Moondyne/The Mate of the Canton
It is midwinter, in a little Lancashire village on the coast, not far from Liverpool. One quiet main street, crossed by three or four short side streets, that lead in the summer days into the sweet meadows and orchards. One of these side streets has only three houses on one side, separated by goodly gardens. The house in the centre is the smallest, but it is extremely neat, and the garden fairly glows with colour.
This is the home of Mrs. Walmsley, a Widow; and the garden is looked after by herself and her daughter Alice, about sixteen years old. The house on the right of Mrs. Walmsley's belongs to Mr. Draper, the richest man in the village, a retired shopkeeper. The house on the left belongs to Captain Sheridan, a bluff old Irishman retired from the navy, and now Inspector of Coast Guards, whose family consists of his son and daughter—Will Sheridan, the son, being just twenty years old.
At the gate of Draper's garden, opening on the streets, stands a handsome young man in the uniform of the merchant marine. He is Sam Draper, first officer of the Canton, arrived a few weeks before from China.
"Good-morning, Alice," he says in a cheerful but not a pleasant voice, as Alice Walmsley passes down the road.
Alice stopped and chatted lightly for a minute with her old schoolmate. Draper evidently paid her a compliment, for her cheeks were flushed as she entered her mother's gate standing near which was young Sheridan, whom she slightly saluted and hurriedly passed, much to his surprise, for their relations were, at least, of the oldest and closest friendship.
"Alice," said Will, in a wondering tone as the girl passed with her flushed face.
"Well—did you speak?" And she paused and turned her head.
Will Sheridan loved Alice, and she knew it, though no word had been spoken. He had loved her for years in a boy's way, cherishing her memory on his long voyages, for Will, too, was a sailor, as were almost all the young men of the village; but he was soon to leave home for a two years' service on Sam Draper's vessel, and of late his heart had been urging him to speak to Alice.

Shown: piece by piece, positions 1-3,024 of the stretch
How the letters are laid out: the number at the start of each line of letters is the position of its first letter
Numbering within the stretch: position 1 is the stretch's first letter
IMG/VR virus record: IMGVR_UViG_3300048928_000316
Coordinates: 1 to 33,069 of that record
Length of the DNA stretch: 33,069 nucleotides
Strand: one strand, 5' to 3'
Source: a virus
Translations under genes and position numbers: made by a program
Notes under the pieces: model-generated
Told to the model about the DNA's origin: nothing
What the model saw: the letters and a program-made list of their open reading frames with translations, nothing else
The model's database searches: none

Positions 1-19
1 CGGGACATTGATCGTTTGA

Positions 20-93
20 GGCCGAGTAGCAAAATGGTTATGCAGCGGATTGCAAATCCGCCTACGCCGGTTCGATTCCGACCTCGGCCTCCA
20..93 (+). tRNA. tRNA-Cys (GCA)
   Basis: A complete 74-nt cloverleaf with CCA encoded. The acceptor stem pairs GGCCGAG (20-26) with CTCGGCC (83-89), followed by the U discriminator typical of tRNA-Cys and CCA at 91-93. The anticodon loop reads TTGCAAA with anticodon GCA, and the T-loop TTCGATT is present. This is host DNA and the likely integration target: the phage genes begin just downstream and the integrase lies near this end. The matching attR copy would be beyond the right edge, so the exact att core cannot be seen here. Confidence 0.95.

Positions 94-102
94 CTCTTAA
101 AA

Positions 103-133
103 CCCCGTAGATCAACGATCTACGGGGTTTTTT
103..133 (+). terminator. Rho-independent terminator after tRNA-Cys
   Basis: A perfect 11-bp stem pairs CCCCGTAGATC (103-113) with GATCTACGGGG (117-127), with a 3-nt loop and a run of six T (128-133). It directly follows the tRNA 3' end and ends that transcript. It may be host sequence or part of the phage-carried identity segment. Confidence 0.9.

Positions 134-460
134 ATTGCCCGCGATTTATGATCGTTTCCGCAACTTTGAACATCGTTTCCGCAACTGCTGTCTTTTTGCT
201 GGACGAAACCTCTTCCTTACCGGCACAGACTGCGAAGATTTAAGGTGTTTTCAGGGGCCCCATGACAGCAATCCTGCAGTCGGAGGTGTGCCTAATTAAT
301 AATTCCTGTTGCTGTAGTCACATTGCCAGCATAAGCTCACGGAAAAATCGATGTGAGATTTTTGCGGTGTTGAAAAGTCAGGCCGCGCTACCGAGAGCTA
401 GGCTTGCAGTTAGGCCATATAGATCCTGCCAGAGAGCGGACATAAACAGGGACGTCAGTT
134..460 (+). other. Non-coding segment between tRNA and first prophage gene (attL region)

He was a quiet, thoughtful, manly young fellow, with nothing particular about him, except this strong secret love for the prettiest girl in the village.
"Yes, I spoke," he answered hesitatingly, as if wounded; but perhaps you haven't time to listen."
"What is it, Will?" she said in a kindlier tone, and smiling, though before she spoke she saw with a side glance that Sam Draper had gone away from the gate.
"O, it isn't anything particular," said Will; "only there's rare skating on the mill-pond, and I was going there this afternoon."
"And—?" queried Alice, archly.
"Yes—I wish you would," said Will, earnestly.
"Well, I think I will," she replied, laughingly, "though you haven't told me yet what I am to do."
"Why, go skating with me," said. Will, highly pleased; "Sam Draper and his sisters are going, and there will be a crowd from the village.
Shall I come for you at three?"
"Yes," she replied, "I'll be ready—" and as she turned towards her mother's house the flush was in her face again.